Visiting professor from Denmark:
The Centenary-Aarhus connection
By Dr. Earle Labor
George A. Wilson Chair of American Literature
Visiting Professor Per Serritslev Petersen (left) and Dr. Earl Labor. Professor Petersen spent the last semester teaching classes at Centenary so that Dr. Labor could continue work on his biography of Jack London.
—Photo by Donna Bartholomew
In 1973, I was exceptionally fortunate to be awarded a Fulbright Professorship to Aarhus University in Denmark. This was described by the Fulbright official who phoned me as a "blue-ribbon appointment."
My subsequent experience there confirmed his description. I have often said that this was the best year of our family life. My three youngest children—ages 10 through 14—all attended public school near our apartment, and all learned to speak Danish fluently. Our oldest son, Royce, a Centenary student, joined us later. At no time did any of us ever feel like "aliens." I could talk for many hours about the attractive characteristics of the Danish people.
My academic experience was equally gratifying. In fact, at the request of CONGLOMERATE Editor John Hardt (now Academic Vice President at Brevard College), I sent back a series of newspaper articles titled "Fulbright Follies," detailing our year in Denmark along with my work in the classroom. By the way, I might mention that the enrollment in the English Department there equaled the total student body at Centenary. In other words, Aarhus U. is a major European University with a number of internationally known scholars, one of whom is featured in this article.
So happy was our Danish year that I told my wife Betty, "This is too good not to share!" Consequently, when we returned home, I worked with our administration and the Aarhus English Department to establish an exchange program not only for students but also for professors. If not unique, our program is certainly unusual. You may check with April Valentine to be sure that the same guidelines are still in effect: our students and the Danish students exchange without paying any additional fees.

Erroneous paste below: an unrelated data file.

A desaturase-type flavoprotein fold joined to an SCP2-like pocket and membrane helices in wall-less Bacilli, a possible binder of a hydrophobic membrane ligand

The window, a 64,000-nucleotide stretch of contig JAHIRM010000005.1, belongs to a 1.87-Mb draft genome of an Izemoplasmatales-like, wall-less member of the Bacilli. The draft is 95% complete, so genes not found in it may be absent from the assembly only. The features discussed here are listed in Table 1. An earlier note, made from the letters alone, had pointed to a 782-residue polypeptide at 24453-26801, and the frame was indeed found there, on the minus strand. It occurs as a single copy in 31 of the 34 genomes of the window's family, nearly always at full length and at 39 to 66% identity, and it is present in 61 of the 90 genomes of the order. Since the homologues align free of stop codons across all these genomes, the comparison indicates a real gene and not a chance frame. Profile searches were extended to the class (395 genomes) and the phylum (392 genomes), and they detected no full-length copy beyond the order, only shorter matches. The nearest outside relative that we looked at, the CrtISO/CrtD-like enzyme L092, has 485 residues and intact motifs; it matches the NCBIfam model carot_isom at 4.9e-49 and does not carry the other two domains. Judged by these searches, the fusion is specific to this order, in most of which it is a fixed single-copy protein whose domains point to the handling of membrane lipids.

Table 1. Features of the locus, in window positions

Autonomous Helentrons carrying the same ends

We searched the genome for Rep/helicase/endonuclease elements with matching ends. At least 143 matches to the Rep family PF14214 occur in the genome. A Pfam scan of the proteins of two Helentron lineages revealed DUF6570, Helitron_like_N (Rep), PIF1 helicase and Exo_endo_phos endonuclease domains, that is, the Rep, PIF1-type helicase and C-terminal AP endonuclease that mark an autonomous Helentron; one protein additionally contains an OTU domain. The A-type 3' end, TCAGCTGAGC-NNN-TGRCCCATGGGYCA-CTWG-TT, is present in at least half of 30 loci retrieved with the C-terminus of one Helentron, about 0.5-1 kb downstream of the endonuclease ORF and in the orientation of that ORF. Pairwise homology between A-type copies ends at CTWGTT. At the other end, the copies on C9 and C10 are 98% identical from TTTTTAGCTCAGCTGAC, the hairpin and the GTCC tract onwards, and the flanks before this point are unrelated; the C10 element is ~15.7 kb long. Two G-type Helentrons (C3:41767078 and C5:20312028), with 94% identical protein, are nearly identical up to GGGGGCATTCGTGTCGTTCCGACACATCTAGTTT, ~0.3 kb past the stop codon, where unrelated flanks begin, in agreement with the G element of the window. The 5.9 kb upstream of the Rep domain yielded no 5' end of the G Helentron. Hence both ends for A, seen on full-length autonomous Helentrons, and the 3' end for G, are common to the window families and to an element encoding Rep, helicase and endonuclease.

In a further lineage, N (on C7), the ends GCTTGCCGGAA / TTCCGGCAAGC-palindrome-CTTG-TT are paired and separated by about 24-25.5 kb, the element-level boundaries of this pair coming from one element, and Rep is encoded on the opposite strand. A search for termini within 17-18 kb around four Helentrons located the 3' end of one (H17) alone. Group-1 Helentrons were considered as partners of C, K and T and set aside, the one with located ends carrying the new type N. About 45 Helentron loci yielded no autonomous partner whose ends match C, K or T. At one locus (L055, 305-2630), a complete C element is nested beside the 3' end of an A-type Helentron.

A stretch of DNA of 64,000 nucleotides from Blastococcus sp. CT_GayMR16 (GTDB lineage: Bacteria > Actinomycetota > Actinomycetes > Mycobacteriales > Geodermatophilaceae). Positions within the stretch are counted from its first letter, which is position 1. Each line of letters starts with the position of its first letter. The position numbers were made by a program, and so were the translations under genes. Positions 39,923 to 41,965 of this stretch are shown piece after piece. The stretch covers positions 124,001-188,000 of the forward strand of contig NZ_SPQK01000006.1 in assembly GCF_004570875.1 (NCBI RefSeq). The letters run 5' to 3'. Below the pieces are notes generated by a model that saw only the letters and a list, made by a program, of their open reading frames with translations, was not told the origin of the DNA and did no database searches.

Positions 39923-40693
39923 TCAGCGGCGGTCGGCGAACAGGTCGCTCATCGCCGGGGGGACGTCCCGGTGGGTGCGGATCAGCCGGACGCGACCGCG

Our professors have exchanged houses and automobiles, thereby minimizing expenses. Lee Morgan was the first Centenary professor to enjoy the Danish experience. There have been several others since then, including Jeff Hendricks and David Havird.
Last May, I revisited Aarhus, along with Milo Shepard, Jack London's great-nephew and donor of the memorabilia in the Peters Building, my son Kirk Labor and one of his fellow physicians. The highlight of that visit was a reunion with my old friends and colleagues from the university, who surprised me with a letter from the Director of the University commending me on my "untiring contribution to international understanding and scholarly cooperation."
Among those friends was Per Serritslev Petersen, recently retired after chairing the Aarhus English Department for 20 years. Professor Petersen is a scholar with international reputation who has published widely both in Danish and in English, including some outstanding essays on Jack London. He was a participant in the Centenary/Aarhus Program in 1984.
"How are you coming along on your London biography?" he asked me during our dinner conversation.
"I finished my rough draft last summer but haven't had time to smooth it out yet," I replied.
"The World of Jack London is waiting for that book," he said. "I tell you what I'll do: I'm retired now. I'll come and teach your courses so that you can finish that book."
It was an extraordinary gesture of friendship. Beyond this, it was a tribute not only to my work but also to Centenary because of the happy experience he had enjoyed on our campus as an exchange professor.
At first I hesitated, thinking I could wrap up my project this past summer—but when school started last fall, the end was still not in sight. So I wrote, asking if he were still interested and willing. He replied that he was indeed, and he has been here this current semester teaching my courses as I have worked toward completing my biography.
Offhand I can think of no comparable arrangement in the history of academia.
(NOTE: Dr. Labor is an internationally renowned London scholar who has more than 80 scholarly articles and reviews, as well as 12 books, to his credit. He is also the official biographer of novelist Jack London, and is curator of the Jack London Museum at Centenary College.)